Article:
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Helpers in a hostile world: the risk of aid work grows

Some 242 aid workers were killed in 2010, up from 91 a decade before. Is 'humanitarian space' shrinking, or are aid groups spreading out to more conflict zones than before?

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Nowhere is the hostility toward foreign aid workers more evident than in Pakistan. Following the devastating flooding of the Indus River in 2010, and again in the spring of 2011, aid workers moved in to help the displaced. Some quickly became targets.

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Perhaps the most high-profile of several recent cases is that of Warren Weinstein, a veteran aid worker kidnapped from Lahore, from where he had worked helping small and medium businesses to develop for more than a decade. Al Qaeda in the last week of January released a video saying they would release him if the United States stopped its attacks in Afghanistan, Pakistan, Somalia, and Yemen, but did not provide evidence he was in their custody.

"Now the sense is that no area is safe in Pakistan anymore except for Islamabad," says a translator for a multinational nongovernmental organization who has lived in Pakistan for years (he was unable to give his name because he isn't authorized to talk to the media). "Even those areas traditionally considered safe, like Punjab and Sindh, are no longer so."

Blurry motives for attackers

In Somalia, where two MSF workers were killed in Mogadishu last December, and two more kidnapped from a Kenyan-based refugee camp this year, workers can no longer assume that their lifesaving work will be their best protection. Somalia is a clan-based society, where the death of a local fighter in a US drone strike may prompt the dead fighter's clan to kidnap or kill a Western aid worker in revenge.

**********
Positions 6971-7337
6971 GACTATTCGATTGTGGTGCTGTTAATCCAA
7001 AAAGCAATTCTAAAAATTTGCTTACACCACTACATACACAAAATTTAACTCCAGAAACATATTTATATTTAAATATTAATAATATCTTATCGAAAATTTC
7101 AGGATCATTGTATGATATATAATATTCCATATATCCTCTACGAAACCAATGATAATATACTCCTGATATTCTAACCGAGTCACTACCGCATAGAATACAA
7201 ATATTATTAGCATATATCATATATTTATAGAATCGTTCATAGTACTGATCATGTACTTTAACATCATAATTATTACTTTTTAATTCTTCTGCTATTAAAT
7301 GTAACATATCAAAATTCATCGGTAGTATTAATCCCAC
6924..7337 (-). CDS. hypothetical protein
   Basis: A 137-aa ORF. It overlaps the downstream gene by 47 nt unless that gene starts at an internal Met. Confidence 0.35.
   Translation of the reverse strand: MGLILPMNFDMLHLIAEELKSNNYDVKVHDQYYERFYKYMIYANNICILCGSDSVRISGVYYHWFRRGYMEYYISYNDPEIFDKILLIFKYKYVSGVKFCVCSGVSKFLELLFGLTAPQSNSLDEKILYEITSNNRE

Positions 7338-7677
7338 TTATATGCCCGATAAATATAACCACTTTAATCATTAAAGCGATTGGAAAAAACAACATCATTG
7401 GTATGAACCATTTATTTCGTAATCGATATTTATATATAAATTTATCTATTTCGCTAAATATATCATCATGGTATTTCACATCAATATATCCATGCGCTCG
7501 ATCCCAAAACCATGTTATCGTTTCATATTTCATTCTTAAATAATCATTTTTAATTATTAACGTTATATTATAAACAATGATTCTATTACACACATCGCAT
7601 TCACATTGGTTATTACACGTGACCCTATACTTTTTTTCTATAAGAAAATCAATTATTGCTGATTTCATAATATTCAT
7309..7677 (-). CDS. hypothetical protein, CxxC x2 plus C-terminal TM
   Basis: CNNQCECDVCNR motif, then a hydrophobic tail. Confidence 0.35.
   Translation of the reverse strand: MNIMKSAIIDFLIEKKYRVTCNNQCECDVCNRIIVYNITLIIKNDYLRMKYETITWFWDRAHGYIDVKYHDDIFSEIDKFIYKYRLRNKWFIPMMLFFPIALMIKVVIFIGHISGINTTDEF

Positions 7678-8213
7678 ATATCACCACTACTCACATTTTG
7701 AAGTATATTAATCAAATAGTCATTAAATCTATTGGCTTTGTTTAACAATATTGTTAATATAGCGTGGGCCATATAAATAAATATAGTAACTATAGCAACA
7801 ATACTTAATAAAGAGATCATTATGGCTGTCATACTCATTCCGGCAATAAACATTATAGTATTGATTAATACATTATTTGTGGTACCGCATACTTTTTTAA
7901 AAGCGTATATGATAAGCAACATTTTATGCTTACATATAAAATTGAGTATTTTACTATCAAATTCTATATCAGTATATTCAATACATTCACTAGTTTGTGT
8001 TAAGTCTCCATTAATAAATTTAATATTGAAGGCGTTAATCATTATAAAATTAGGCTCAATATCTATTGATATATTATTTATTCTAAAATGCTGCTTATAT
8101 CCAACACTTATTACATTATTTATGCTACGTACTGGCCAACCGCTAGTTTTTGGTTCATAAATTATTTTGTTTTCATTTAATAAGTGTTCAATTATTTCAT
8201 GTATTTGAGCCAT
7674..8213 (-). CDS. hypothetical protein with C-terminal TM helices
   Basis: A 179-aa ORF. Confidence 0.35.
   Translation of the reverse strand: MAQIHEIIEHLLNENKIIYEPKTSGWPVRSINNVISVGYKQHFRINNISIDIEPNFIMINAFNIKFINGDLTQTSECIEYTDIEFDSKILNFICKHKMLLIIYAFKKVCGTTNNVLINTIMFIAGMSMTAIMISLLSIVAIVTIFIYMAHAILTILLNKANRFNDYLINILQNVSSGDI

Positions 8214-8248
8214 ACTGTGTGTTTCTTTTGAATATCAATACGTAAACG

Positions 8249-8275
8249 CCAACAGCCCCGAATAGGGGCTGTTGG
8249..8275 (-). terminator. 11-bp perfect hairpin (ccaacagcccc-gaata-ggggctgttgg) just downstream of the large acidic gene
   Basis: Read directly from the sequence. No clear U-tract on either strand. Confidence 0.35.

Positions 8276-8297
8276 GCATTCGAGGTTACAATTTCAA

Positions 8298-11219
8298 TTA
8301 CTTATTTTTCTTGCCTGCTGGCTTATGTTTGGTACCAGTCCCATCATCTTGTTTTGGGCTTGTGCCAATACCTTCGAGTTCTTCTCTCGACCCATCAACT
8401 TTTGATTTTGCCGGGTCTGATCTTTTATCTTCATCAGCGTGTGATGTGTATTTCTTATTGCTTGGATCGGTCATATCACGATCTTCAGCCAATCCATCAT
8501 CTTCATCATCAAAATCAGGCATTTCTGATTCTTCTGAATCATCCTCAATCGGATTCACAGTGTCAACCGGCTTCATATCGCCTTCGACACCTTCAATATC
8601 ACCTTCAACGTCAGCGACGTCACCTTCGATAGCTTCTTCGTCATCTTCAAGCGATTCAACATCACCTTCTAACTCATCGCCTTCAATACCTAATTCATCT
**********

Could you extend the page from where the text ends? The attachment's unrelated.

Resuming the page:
"The US government recently conducted a successful operation to get two aid workers, and judging from the mood of the Somali community and the way this is discussed on Somali language radio, the majority of Somalis are in favor of that outcome," says Rashid Abdi, a consultant for International Crisis Group in Nairobi, Kenya. "But … it is not going to be an easy terrain for aid workers to work in the future."

• Correspondents Tom A. Peter and Is­sam Ahmed contributed from Kabul, Af­ghan­istan, and Islamabad, Pakistan, respectively.

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